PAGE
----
I loved Dustin Hoffman (but obviously) as Michael Dorsey/ Dorothy Michaels, especially when he breaks into his fast Southern accented dialogues. Hoffman is a master when he moves those manicured palms swiftly and twitches his painted lips to perfection. His heavily madeup eyes are attractive. I love some of the dialogues. For instance, when Dorsey is sitting with his friend Jeff (Murray) munching fast food, he stops Jeff from giving him too much because he has to check his weight! Then he clarifies Nichols' doubt regarding his makeup saying he has a lip-hair condition! The best impromptu gags happen during the shoots when he changes the script according to his own mind and plans! Slapping Van Horn and giving Carlisle a piece of his mind, Dorothy Michaels is one fiesty damsel. Again, it is her Southern twang and heavily modulated voice that deserve whistles...
The most hilarious scene is when Van Horn comes to hit on Dorothy. Van Horn pounces on her to plant one sweet kiss and Dorothy is fighting like an angry cat to get out of his grip. Uproarious. Then Jeff comes in, is stupefied and says, "You slut!"
The scenes between Dorothy and Nichols are soft and sweet. Nichols is this timid woman, underrated by Carlisle, who is most happy patronising her and cheating on her. It is with Dorothy that she is most free. Dorothy is the person who realises that Nichols deserves so much love. She aught to be with someone who respects her and values her. Not with someone who hoodwinks her to sleep with other women (April, played by Geena Davis, who appears mostly in her lingerie and has just a few words to speak!). Dorsey falls hopelessly in love with Nichols as Dorothy and he admits that he was a better man with her as a woman. Very touching indeed...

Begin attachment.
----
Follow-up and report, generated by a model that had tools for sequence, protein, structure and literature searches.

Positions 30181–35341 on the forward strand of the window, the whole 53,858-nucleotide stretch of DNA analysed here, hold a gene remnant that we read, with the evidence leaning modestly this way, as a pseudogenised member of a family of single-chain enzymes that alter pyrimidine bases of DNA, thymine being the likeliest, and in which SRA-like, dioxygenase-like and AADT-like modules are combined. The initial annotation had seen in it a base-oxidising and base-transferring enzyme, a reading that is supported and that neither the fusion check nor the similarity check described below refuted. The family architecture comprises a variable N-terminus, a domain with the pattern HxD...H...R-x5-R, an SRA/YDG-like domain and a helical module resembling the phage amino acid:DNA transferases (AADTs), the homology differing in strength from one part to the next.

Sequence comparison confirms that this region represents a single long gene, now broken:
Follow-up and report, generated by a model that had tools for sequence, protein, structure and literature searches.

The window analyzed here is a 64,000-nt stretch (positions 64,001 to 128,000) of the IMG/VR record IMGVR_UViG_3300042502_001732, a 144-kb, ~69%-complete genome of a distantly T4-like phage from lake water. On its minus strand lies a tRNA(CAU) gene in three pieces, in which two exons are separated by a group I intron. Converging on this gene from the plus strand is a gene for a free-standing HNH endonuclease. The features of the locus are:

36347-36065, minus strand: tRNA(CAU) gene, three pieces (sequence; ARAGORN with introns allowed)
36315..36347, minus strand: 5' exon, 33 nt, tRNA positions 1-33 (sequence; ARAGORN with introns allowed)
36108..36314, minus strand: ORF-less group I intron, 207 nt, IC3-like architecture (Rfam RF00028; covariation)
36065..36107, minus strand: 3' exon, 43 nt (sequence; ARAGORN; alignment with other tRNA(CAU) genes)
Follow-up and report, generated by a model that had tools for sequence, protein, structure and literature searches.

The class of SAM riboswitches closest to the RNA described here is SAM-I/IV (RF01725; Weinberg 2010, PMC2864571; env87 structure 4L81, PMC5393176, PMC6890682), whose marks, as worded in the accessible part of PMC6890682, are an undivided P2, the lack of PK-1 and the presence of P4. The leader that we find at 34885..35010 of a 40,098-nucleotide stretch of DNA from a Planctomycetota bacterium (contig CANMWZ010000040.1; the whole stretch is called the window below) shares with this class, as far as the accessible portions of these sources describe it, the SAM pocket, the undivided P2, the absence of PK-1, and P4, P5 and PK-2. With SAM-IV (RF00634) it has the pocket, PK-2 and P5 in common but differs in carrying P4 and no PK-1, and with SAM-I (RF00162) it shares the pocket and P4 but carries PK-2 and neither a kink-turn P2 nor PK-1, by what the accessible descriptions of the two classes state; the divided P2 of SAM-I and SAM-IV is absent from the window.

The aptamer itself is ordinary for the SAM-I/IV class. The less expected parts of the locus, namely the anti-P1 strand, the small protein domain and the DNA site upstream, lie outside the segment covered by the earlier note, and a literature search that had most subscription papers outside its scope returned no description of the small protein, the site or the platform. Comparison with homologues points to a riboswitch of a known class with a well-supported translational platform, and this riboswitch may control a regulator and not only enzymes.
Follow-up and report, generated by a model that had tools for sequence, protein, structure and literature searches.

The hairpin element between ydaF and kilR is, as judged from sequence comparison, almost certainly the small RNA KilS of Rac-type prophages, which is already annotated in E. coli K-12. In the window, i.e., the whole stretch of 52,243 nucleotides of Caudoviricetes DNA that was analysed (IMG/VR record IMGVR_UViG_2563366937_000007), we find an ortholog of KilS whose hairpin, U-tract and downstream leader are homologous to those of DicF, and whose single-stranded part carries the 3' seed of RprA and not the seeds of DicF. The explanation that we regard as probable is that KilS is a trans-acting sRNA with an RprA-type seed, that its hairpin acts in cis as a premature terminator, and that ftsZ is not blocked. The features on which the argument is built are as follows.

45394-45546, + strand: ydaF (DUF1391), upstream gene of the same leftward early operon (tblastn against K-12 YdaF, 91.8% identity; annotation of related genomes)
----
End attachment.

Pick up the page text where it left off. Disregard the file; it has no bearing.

Jessica Lange is one hell of an attractive woman and it is but obvious that the men around her can't help but notice that. But it her soft and sensitive side as a woman and a mother that is eyecatching. Though I feel that Lange's character could have been even more well etched, she was a good foil to Dorsey's flamboyant personality. The woman is surely pleasing to the eye, husky voice, sexy body language, ravishing smile, billowing blond hair, et al.
Despite all these positives (and more), I have to admit that The Birdcage is a film that I'd prefer watching over Tootsie. Its sidecracking fun, superb performances, sensitive approach towards Armand and Albert's relationship and continuous comedy makes it so much more finger-licking good. Hoffman, Murray, Garr, Lange and Gaynes is great. But for me, Robin Williams, Nathan Lane, Gene Hackman, Christine Baranski, Dianne West, Dan Futterman and Hank Azaria make for a deadly combo any day, any time... 


  1. You're right. He does look like an old Jennifer Aniston, i.e. an older version of the 18 year old Rachel with the big nose.

    I liked 'Birdcage' a lot, and our own Indian version 'Chachi 420' was hilarious.

    Haven't seen 'Tootsie'.

  2. @Banno: Doesn't he? The moment I saw him as Dorothy Michaels, I knew he does. Birdcage is soooo funny though I prefer Mrs Doubtfire over its Hindi remake.
    See Tootsie once. I think, the immensely talented Dustin Hoffman deserves a watch :)

  3. I'd heard so much about Tootsie, but got around to finally seeing it a couple of months back. And yes, really not all that it's made out to be. I believe this is listed as one of the ten funniest films ever made in Hollywood. I can't see how! Okay, bits of it are funny, but it's not that hilarious. I liked Some Like it Hot much more when it came to comic capers because of cross-dressing. Have got to see The Birdcage though!

  4. @Dustedoff: I find Birdcage so funny that everytime I see it, I have a tummy ache. For, laughing too much. Isn't Joe much cuter than Dorsey?
    Yes this film is funny in parts, but for me, certainly not one of the ten funniest films ever made :(